Written by Travis Shosa
This review was originally written for COUNTERZINE on January 9, 2020. It has been re-edited and adapted for Stamens/Pistils/Parties.
Indie rock is alive and well in the modern day. But for many of us, the styles of indie and alternative rock we loved in past decades have fallen out of public favor regarding the new folks doing it. It’s not to say that what’s hip now is without merit, and it’s not to say that the stuff that worked in the ’90s doesn’t work today: quite the contrary. Liverpool rock band COW wears their influences on their sleeves, and they do it with confidence earned through superb songwriting and a potent mix of bitterness and longing channeled through muscular musicianship.
COW is not a particularly happy band: songs such as the EP’s namesake and “Sick and Tired of Being Lonely” imply right in their titles a desperate sadness that only proves more hopelessly bleak when considering the lyrical topics at hand. “All My Friends Are Dead to Me” is nearly amusing in how petty it initially comes across. You can take “All my friends are dead to me / They’ve all got families / And I’ve got no one” one way, but considering the situation where everyone you could loosely call a friend has people who are ultimately more important to them than you is heartbreaking. The song’s not necessarily outwardly depressive in its sound either: the anthemic chorus is slightly cheeky, like someone attempting to mask their pain by sloppily patching up leaks of pain with humor.
“Sick and Tired of Being Lonely” is a continuation of the meditation on isolation introduced by the title track that directly acknowledges and wrestles with suicidal thoughts: “Yeah, I really started thinking about dying again / It really started playing on my mind, my friend / It really started fucking up my long term goals.” The mask is peeled back further on this one: the tone more somber, the melody more melancholy, and lacking in an eruptive, cathartic emotional release. It sits with sadness consistently because sadness never really goes away.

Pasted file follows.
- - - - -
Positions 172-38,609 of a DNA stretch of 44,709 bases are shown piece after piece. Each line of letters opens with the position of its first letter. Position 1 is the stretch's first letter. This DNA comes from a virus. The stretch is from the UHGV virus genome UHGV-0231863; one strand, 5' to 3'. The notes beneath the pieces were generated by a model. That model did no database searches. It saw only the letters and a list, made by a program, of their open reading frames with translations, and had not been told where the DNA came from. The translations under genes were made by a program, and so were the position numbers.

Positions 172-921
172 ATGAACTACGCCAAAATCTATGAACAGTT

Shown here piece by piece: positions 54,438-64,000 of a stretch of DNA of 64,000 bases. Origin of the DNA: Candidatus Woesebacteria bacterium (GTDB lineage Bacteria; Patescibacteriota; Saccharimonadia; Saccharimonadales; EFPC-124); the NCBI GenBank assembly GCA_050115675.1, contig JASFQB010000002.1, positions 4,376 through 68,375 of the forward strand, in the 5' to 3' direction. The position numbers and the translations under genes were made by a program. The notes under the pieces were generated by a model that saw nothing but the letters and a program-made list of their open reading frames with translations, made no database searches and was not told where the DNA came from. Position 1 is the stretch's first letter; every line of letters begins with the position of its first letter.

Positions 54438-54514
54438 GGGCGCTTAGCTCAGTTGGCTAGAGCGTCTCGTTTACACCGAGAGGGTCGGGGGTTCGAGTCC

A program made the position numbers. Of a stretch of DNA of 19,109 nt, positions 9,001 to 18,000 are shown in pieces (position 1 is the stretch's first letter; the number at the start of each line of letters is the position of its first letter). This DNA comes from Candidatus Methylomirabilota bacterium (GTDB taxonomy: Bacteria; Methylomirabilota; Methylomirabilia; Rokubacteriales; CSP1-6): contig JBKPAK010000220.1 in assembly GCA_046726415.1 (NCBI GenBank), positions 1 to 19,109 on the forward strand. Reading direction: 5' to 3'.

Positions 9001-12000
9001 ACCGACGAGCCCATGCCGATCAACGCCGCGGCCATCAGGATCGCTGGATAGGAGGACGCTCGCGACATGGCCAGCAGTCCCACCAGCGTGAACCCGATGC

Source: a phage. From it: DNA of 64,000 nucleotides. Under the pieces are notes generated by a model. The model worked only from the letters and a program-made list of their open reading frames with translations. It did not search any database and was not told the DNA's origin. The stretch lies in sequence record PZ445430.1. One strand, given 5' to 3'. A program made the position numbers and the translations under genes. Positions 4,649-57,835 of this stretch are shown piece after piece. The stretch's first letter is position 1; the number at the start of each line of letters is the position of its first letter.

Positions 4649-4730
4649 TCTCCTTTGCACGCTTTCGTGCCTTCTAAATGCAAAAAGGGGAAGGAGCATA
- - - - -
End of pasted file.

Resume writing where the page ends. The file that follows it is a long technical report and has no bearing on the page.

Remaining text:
“A Blank Canvas for Weirdness” is a Queens of the Stone Age song. Not literally: Homme did not write it, but he might as well have. Down from the song’s structure and sound to even the vocal inflections and song title, it has QOTSA written all over it. There are worse bands to emulate, and the band doesn’t prove inferior in the stoner rock wheelhouse. It feels slightly out of place here, but it’s a strong track.
Eight-minute closer “Happy Birthday” steals the show, featuring one of the noisiest, loudest, and most evocative guitar solos of recent memory, equal to the best from bands such as Dinosaur Jr. and Built to Spill. It’s a soul-wrenching cry of agony forcibly smashing its way through emotional repression: chaotic, messy, and beautiful. Write a QOTSA song, as long it’s a good QOTSA song. Channel Mascis and Martsch, as long as you can equal them on the axe. All My Friends Are Dead to Me incites a visceral, emotional response. That never goes out of style.
Travis Shosa is the founder and editor-in-chief of Stamens/Pistils/Parties. Formerly the runner of COUNTERZINE, he has bylines at Pitchfork, The Alternative, and Post-Trash among others.
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